As an unpredictable general election approaches, some big names in politics can no longer be certain of holding onto their constituencies. And while we tend to find out a lot about candidates before polling day, we often hear little about what happens after members of parliament lose their seats.
And there may be a good reason for that. Interviews with 30 politicians, including ten former MPs and ten former council leaders, have demonstrated that departure is not at all straightforward. For some, it can be devastating, but this is often kept private.
Interviews with those former MPs who had lost in the 2010 election were conducted about two years after the event. I also talked to their partners wherever possible. For many, defeat had been shockingly unexpected. It often only became apparent that the game was up as the votes came in at the count – even if the seat had been marginal.
Even by comparison with other jobs, electoral defeat is a remarkably sudden death. Of course, as a candidate facing months of intense campaigning, it is extraordinarily difficult even to countenance the possibility of losing. One partner commented that their political spouse “wouldn’t even talk about not winning…wasn’t interested” before the election. Another, “You can’t think you are going to lose otherwise you do…”
Some clung on to a desperate hope that the national tide could be held at bay, “I thought we might just pip the post, that we might just do it and you have to keep that sense because you’ve got to lead everybody else.”
And even at the count, all of those defeated – exhausted and run ragged by the campaign – portrayed a grim determination to keep themselves together in front of the cameras, come what may. “I just put on a show,” said one. “Inside I was smashed to pieces…I had to carry the party through it and that was incredibly difficult and it took every ounce of emotional strength…but you’ve got to hold it together and you know the second the mask slips, it’s flashlight, flashlight, flashlight all over the place.”
It is often a bravura act that masks an array of turbulent emotions: shock, hurt, devastation, guilt, betrayal, a sense of failure, contagion and sometimes shame from the time of defeat and over many months. One felt, “a complete failure but not being able to show it.”
Lost in the wilderness
My interviewees struggled to reconcile both their ready acceptance of the democratic deal – that the electorate can and should kick politicians out of office – and the personal experience of rejection by their electorate in a constituency with which often they had developed a strong bond.
Some fled the constituency because the feelings were so raw. With some resentment, one former MP said: “I didn’t want to stop and have people say, ‘Oh, dear, I’m so sorry.’ And you’d look at them and say, ‘Are you really?’”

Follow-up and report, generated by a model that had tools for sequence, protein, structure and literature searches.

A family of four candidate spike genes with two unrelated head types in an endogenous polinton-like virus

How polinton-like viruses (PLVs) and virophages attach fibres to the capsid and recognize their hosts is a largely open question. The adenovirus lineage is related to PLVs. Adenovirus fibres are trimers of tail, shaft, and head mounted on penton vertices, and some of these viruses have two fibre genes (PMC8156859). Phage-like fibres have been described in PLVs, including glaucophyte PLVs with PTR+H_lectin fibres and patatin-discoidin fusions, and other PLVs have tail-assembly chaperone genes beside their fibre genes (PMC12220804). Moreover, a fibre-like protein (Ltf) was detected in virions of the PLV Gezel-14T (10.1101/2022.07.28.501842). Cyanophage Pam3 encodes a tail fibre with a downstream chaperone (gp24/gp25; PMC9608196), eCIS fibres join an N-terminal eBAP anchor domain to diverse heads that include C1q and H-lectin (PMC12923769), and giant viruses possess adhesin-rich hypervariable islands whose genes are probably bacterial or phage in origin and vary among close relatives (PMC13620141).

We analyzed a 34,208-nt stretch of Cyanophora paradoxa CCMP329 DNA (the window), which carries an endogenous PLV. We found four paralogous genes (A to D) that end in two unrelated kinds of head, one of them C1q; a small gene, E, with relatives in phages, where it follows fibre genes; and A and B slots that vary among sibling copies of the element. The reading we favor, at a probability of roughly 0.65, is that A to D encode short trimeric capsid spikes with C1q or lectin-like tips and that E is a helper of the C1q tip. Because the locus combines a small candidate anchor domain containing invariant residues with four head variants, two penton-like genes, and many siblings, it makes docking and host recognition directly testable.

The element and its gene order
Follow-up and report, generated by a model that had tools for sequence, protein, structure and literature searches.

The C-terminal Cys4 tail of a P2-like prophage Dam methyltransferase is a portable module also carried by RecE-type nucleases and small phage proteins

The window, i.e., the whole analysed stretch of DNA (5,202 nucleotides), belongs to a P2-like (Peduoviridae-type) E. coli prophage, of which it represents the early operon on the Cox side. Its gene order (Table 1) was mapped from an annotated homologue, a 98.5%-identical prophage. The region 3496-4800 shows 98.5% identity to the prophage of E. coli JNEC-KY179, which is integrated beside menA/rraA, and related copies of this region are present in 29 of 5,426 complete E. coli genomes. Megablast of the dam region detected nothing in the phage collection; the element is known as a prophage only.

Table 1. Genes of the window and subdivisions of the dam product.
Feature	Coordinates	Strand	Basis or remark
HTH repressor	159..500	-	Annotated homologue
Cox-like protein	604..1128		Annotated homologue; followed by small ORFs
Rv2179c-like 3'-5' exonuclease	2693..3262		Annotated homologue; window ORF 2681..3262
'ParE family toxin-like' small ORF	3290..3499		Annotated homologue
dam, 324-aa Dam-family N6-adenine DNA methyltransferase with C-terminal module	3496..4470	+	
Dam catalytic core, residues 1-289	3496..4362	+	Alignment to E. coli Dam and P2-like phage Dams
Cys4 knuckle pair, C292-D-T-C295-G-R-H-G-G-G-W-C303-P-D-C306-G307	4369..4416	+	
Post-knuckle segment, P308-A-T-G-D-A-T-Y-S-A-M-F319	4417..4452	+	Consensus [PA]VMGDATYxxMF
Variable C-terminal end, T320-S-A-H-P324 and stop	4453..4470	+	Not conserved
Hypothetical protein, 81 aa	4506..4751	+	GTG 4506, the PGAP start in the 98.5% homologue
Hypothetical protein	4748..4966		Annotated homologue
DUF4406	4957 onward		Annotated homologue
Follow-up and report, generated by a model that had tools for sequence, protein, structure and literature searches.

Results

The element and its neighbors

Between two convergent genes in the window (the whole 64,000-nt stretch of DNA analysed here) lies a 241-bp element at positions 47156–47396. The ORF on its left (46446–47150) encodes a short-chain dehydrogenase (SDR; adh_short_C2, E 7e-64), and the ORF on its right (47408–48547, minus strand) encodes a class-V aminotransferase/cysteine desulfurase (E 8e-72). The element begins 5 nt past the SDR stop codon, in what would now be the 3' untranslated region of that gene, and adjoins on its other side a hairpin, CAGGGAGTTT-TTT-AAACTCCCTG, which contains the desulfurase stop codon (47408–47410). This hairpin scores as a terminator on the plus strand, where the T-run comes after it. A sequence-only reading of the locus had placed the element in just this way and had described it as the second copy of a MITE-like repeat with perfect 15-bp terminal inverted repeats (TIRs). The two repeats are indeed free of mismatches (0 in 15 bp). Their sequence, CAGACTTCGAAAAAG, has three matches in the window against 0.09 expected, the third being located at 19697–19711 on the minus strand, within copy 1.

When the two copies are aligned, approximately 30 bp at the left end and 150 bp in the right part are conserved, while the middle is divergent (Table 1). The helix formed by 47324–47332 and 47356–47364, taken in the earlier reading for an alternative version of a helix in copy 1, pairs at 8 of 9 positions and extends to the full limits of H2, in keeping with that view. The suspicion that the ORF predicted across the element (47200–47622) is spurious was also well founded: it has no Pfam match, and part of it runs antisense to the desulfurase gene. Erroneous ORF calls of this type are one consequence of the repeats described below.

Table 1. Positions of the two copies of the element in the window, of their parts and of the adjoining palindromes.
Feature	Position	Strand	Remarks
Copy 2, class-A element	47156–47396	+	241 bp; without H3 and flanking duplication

Defeated politicians suddenly lose a demanding, busy but valued role. Suddenly they are no longer relevant to any political debate. Their deeply cherished values and beliefs seem to have no place.
The experience was dislocating at best, but devastating and personally crushing even in the longer term for some. A minority appeared depressed. A number struggled to find employment. On the other hand, a couple of former council leaders, narrowly and unexpectedly defeated, had soon flourished. The experience of defeat depends on a range of factors.
Partners’ lives were often upturned too. Their role had been suddenly changed. For some, the possibility of spending more time together as a couple brought unexpected benefits for the marital relationship. For others, there was more strain, as impatience and resentment surfaced in the very different circumstances of post-politics life.
Little wonder then that most of the politicians I interviewed who remained in office were reluctant to contemplate any but the vaguest idea of leaving. It was, said one, “Something I prefer not to think about…my preferred life course is one where I wake up one morning dead.”
To add insult to injury, many of the people I interviewed had received little acknowledgement of their contribution over the years from their political party once they left office – nor had any interest been shown in putting their skills and experience to good use, either to help the party or wider society. Former politicians often seem to disappear, for example, “Nobody seems to want to know you after and you just fade away…there are those skills that could be used to encourage other people.” With the parlous state of the main political parties, this appears cavalier.
Instead former politicians enter world in which their identity and place is uncertain. Perhaps now lacking in confidence, uncertain of what skills they could offer employers, the defeated politicians in my study had to construct a new narrative about who they were and what they did.
If the transition from political office could be made less fraught, a lot of knowledge and experience could be put to good use. But more than this, how politicians gain office, their experience in office, and how they exit office all contribute to a fluidity between those who are elected and those whom they represent. That is essential to any healthy system of representative democracy.